• December 3rd, 2015

    One more time thank you for information, I hope you dont wanna kill me for so many question, Im also interested about your opinion about study looking at auditory brainstem response and marijuana http://www.scielo.br/scielo.php?pid=S1808-86942012000500014&script=sci_arttext&tlng=en and also cerebellum inflammation
    http://www.ncbi.nlm.nih.gov/pmc/articles/PMC3696568/.
    Also I wonder what you think about this study and theory/conclusion
    http://www.ncbi.nlm.nih.gov/pmc/articles/PMC3517929/
    About this study regarding stroke one question is cannabis cause vasoconstriction in brain? because many studies show that cannabis have vasodilation properties,
    I really appreciate time you spend to answer me.
    Best Regards.

    • Rodent studies, such as the one showing cerebellar inflammation, are not descriptive of or applicable to humans for many reasons, some of which we’ve already discussed. The other two studies have extremely small sample sizes, and neither attempted to control for childhood trauma. The existence of specific impairments suggestive of endocannabinoid dysfunction does not necessarily imply that marijuana use caused endocannabinoid dysfunction; the alternative interpretation is that people who have dysfunctional endocannabinoid systems are more likely to be marijuana users, in order to ameliorate those effects. Further research into the effects of use on ECS efficiency are necessary. THC can cause ECS downregulation in lab rodents, but not all the effects observed in lab mice are observed in humans. Carefully controlling for underlying ECS impairment is therefore critical in human studies. It’s clear that the healthy controls differed from the current cannabis users in more ways than exposure to cannabis, reflected in, for example, much higher rates of alcohol and tobacco use — my point being not that alcohol or tobacco caused the effect, but that there are shared causes which can produce cognitive impairment, including cerebellar damage, and heavy early onset drug use. I will also admit my lack of familiarity with eyeblink conditioning and brainstem evoked response audiometry tests. What is your opinion? Do these results represent a genuine impairment (as opposed to a cognitive difference which is not necessarily impairing) which is convincingly a result of drug use, rather than a reason for drug use?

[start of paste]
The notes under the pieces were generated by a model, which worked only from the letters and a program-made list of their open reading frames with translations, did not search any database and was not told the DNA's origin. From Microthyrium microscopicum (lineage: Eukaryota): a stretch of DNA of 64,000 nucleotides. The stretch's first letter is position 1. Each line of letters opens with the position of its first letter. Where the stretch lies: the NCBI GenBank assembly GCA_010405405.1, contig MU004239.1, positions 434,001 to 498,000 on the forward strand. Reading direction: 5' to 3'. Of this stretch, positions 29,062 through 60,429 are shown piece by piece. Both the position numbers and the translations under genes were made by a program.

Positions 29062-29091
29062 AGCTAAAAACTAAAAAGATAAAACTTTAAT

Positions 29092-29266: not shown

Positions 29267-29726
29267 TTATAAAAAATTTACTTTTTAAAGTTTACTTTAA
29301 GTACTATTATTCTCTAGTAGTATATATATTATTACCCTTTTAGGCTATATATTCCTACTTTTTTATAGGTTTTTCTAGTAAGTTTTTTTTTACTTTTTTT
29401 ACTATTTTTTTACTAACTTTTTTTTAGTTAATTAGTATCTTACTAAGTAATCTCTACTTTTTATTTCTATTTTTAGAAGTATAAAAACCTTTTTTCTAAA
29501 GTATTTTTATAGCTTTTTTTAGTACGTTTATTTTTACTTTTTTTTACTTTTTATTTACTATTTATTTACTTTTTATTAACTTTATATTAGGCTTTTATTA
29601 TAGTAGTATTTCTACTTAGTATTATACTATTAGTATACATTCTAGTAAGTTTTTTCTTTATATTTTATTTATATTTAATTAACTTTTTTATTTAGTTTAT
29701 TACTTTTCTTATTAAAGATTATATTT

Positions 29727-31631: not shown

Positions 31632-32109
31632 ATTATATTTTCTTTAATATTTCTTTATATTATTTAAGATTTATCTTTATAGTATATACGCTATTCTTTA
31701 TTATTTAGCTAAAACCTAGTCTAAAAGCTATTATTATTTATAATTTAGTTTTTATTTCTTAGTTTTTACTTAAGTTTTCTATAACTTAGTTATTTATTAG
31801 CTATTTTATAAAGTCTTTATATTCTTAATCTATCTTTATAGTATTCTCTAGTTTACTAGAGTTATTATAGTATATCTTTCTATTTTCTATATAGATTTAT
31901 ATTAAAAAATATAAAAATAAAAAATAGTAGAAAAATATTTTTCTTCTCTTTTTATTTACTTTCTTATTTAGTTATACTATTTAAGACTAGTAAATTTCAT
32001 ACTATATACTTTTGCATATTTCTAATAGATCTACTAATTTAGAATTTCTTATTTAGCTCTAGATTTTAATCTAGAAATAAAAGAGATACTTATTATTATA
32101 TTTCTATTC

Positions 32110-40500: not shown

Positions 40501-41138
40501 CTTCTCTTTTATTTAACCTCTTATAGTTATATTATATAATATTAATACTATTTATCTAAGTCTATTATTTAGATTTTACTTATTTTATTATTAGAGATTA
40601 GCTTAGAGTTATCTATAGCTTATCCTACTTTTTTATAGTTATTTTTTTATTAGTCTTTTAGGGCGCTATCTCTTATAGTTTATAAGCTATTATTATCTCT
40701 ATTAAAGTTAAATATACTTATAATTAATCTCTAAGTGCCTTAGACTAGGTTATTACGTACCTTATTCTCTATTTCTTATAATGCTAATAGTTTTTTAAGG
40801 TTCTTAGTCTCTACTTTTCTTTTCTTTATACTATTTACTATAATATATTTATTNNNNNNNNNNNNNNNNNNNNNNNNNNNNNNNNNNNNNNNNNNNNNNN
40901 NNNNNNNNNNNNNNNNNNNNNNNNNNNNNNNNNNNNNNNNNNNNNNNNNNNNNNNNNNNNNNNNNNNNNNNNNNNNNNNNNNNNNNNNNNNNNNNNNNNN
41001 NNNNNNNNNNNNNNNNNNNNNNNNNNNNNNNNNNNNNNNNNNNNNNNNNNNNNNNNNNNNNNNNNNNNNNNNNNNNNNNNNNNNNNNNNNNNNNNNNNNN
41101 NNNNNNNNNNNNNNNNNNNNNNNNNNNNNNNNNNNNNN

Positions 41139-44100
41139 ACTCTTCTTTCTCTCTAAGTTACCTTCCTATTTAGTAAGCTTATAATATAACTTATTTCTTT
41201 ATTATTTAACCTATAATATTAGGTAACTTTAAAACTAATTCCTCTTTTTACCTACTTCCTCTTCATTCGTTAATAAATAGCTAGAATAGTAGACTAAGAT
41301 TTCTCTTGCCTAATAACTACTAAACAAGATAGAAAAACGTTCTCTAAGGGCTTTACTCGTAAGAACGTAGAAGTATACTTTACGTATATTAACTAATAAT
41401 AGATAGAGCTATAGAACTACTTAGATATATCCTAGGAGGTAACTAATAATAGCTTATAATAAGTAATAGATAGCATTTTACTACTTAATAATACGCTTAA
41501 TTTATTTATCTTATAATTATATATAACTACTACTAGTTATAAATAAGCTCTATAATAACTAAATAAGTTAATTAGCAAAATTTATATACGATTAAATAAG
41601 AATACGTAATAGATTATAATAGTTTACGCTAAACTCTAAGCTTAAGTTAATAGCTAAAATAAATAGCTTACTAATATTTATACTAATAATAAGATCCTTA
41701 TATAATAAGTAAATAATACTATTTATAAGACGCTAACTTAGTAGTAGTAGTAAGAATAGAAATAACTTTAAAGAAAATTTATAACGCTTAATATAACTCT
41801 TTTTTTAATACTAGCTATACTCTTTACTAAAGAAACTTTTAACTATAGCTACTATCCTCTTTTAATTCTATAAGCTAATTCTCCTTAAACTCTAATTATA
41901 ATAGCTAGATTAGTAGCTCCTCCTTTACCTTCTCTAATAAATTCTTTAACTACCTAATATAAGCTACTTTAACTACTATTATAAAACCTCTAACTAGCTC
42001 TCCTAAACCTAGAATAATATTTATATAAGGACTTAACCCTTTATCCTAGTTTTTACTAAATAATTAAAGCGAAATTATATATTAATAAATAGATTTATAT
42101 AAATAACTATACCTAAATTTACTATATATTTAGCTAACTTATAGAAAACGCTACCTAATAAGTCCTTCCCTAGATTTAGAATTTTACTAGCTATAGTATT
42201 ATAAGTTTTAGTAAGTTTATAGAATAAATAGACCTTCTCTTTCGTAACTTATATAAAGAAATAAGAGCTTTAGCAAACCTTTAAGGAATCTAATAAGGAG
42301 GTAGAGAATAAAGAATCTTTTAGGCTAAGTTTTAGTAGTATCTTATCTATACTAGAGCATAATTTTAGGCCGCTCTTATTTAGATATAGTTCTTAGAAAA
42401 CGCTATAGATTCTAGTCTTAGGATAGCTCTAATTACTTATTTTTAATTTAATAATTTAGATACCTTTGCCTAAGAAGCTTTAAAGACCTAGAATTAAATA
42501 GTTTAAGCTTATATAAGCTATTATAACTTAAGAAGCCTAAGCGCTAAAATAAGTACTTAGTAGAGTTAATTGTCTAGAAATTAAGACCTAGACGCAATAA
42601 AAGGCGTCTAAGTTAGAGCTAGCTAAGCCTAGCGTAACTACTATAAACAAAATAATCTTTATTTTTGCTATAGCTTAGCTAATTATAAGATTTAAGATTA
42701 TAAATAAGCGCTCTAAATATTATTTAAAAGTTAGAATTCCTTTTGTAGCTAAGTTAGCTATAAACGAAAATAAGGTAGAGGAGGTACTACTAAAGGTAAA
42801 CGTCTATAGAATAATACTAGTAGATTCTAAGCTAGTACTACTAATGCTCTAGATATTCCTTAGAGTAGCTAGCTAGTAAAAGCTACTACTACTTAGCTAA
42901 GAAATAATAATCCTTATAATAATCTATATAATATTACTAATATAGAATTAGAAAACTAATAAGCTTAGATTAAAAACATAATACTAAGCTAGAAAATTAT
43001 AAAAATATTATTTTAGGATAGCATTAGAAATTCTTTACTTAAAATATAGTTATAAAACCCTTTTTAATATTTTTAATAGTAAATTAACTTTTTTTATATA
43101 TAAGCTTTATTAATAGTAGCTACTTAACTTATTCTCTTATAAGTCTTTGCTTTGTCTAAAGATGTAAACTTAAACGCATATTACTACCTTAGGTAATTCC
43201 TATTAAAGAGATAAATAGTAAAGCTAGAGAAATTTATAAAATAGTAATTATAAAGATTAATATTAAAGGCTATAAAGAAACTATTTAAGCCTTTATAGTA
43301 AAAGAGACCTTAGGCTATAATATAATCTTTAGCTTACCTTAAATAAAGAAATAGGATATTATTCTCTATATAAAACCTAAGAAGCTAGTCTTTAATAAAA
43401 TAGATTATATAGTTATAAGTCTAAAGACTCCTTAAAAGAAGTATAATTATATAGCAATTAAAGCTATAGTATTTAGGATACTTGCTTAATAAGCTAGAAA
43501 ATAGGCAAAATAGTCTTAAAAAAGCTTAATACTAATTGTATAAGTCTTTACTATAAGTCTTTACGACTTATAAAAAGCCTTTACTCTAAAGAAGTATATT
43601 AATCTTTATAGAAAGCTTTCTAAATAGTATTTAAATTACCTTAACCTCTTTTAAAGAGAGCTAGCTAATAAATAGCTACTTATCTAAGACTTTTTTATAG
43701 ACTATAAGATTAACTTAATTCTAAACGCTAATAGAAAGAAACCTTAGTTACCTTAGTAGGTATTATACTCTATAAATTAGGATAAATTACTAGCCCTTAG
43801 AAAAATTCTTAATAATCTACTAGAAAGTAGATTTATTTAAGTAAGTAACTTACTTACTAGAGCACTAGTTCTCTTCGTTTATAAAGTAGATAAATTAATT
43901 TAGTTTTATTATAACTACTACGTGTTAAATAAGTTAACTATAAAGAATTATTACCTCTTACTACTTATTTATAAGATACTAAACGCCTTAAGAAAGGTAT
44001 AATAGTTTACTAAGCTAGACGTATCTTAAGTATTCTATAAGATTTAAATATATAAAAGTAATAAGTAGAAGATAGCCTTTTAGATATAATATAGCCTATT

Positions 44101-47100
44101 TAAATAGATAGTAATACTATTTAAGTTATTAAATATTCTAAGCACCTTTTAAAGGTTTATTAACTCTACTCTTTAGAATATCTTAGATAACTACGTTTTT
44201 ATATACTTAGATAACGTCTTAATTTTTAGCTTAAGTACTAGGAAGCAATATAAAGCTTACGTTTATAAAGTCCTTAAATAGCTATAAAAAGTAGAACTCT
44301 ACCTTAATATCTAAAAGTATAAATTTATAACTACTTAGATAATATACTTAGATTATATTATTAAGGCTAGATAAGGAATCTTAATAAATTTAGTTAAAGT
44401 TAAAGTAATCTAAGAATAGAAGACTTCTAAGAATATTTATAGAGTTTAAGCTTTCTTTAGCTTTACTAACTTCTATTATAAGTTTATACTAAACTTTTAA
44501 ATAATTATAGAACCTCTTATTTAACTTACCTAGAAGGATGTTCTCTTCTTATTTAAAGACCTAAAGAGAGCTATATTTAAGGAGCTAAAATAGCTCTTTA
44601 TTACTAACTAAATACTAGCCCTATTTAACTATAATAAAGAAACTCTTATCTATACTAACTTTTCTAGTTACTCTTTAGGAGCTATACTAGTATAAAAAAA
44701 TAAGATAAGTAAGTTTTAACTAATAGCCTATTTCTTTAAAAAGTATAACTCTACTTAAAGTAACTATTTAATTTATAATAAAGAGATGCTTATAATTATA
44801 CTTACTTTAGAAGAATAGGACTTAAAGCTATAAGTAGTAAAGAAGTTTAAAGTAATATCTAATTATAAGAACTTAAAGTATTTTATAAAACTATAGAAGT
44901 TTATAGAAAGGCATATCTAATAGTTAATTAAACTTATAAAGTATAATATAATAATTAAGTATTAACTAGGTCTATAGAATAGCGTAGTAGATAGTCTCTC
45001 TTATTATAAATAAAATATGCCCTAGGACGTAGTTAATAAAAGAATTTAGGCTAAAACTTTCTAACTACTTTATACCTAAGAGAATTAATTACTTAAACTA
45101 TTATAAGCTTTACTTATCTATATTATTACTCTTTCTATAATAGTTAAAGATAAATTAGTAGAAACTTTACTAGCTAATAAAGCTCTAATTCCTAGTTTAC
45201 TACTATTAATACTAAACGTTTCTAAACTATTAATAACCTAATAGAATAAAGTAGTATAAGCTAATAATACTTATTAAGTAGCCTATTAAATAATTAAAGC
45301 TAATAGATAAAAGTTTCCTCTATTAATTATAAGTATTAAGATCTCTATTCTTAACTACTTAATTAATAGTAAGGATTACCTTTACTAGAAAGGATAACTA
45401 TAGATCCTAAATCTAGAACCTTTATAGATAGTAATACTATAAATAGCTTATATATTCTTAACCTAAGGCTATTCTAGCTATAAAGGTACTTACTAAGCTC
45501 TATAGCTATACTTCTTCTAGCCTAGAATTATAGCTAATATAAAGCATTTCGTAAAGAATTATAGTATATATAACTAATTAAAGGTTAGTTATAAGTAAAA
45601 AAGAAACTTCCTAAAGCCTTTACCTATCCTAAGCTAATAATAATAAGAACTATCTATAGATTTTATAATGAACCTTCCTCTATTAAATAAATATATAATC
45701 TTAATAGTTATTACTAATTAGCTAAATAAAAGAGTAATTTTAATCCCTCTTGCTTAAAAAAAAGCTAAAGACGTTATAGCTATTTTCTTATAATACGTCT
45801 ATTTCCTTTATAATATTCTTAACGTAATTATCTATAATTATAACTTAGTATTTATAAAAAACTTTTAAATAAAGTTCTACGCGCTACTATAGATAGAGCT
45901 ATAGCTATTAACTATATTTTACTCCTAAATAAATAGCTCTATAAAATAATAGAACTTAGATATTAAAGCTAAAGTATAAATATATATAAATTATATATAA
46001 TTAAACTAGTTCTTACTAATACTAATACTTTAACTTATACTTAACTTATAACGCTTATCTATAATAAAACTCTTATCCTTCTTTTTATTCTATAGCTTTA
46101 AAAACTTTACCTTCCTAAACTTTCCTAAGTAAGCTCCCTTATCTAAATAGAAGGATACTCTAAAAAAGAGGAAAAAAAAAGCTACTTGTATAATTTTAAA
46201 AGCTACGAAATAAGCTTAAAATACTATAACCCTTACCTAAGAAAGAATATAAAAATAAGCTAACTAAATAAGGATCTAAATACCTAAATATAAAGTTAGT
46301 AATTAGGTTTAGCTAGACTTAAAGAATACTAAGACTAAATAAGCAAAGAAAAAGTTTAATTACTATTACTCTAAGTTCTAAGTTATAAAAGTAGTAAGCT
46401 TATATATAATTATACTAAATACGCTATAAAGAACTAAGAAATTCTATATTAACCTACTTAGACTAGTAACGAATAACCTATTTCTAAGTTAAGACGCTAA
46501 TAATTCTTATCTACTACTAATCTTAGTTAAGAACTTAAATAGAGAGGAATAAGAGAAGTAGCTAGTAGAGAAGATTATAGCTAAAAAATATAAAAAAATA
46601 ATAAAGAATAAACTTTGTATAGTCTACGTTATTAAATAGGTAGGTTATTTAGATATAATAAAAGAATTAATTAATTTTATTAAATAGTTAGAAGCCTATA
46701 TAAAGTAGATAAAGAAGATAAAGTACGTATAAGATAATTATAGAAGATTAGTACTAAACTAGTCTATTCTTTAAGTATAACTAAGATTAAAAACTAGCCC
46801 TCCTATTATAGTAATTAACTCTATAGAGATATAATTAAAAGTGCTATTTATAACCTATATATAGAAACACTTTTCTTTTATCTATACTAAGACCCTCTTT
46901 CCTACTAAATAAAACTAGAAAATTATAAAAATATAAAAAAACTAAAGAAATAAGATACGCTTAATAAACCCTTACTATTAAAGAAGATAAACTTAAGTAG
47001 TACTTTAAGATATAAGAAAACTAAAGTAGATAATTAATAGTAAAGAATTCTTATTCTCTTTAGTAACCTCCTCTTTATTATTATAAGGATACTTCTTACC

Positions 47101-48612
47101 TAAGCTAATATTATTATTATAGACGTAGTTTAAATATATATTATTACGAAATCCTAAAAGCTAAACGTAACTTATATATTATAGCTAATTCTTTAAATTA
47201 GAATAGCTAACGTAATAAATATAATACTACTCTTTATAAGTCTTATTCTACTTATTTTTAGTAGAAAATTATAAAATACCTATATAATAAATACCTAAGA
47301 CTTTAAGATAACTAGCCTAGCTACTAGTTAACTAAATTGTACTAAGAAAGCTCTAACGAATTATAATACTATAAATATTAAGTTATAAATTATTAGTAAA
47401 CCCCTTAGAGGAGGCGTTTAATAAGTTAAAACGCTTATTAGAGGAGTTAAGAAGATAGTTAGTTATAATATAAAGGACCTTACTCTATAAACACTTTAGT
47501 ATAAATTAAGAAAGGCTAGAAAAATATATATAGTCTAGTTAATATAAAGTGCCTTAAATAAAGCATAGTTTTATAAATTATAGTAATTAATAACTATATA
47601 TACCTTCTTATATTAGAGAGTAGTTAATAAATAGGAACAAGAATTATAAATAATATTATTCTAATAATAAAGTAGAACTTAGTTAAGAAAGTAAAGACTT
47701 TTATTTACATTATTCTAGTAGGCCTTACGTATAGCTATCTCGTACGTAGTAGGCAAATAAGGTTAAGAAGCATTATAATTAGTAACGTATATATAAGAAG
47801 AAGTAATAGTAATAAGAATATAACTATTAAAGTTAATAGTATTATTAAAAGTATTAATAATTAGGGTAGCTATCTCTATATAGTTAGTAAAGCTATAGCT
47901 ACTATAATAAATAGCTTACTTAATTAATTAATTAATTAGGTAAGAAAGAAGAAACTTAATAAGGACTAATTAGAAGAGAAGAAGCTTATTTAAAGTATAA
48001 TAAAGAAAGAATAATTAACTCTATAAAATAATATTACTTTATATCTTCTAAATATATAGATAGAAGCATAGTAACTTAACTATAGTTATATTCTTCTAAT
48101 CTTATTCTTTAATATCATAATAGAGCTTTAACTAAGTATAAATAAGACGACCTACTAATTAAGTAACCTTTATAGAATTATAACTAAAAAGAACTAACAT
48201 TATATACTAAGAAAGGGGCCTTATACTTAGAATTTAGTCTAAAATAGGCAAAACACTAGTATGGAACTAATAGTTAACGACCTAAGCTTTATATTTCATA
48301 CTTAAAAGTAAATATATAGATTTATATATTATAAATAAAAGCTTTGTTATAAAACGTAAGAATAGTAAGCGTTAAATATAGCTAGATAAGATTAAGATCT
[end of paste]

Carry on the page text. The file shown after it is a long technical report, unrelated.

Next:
• Darius
        • April 11th, 2016

        Hello Michael. Hope you doing well.
        Sorry for not reply to you(health issues) As previous your knwoledge help in few cases I wanna ask your one more time about opinion.
        http://www.ncbi.nlm.nih.gov/pmc/articles/PMC3220669/
        Im curious your opinion about influence of cannabis on according to authors “detrimental” striatal dopaminergic functioning.
        Thanks in advance/

    • Dariusz
    • December 3rd, 2015

    P.S I forgot including on study about cerebellum http://www.ncbi.nlm.nih.gov/pubmed/21466751/

  1. Very interesting information!Perfect just what I was looking for! “One man’s folly is another man’s wife.” by Helen Rowland.

  1. No trackbacks yet.

Speak and be heard

Fill in your details below or click an icon to log in:

WordPress.com Logo

You are commenting using your WordPress.com account. Log Out / Change )

Twitter picture

You are commenting using your Twitter account. Log Out / Change )

Facebook photo

You are commenting using your Facebook account. Log Out / Change )

Google+ photo

You are commenting using your Google+ account. Log Out / Change )

Connecting to %s

%d bloggers like this: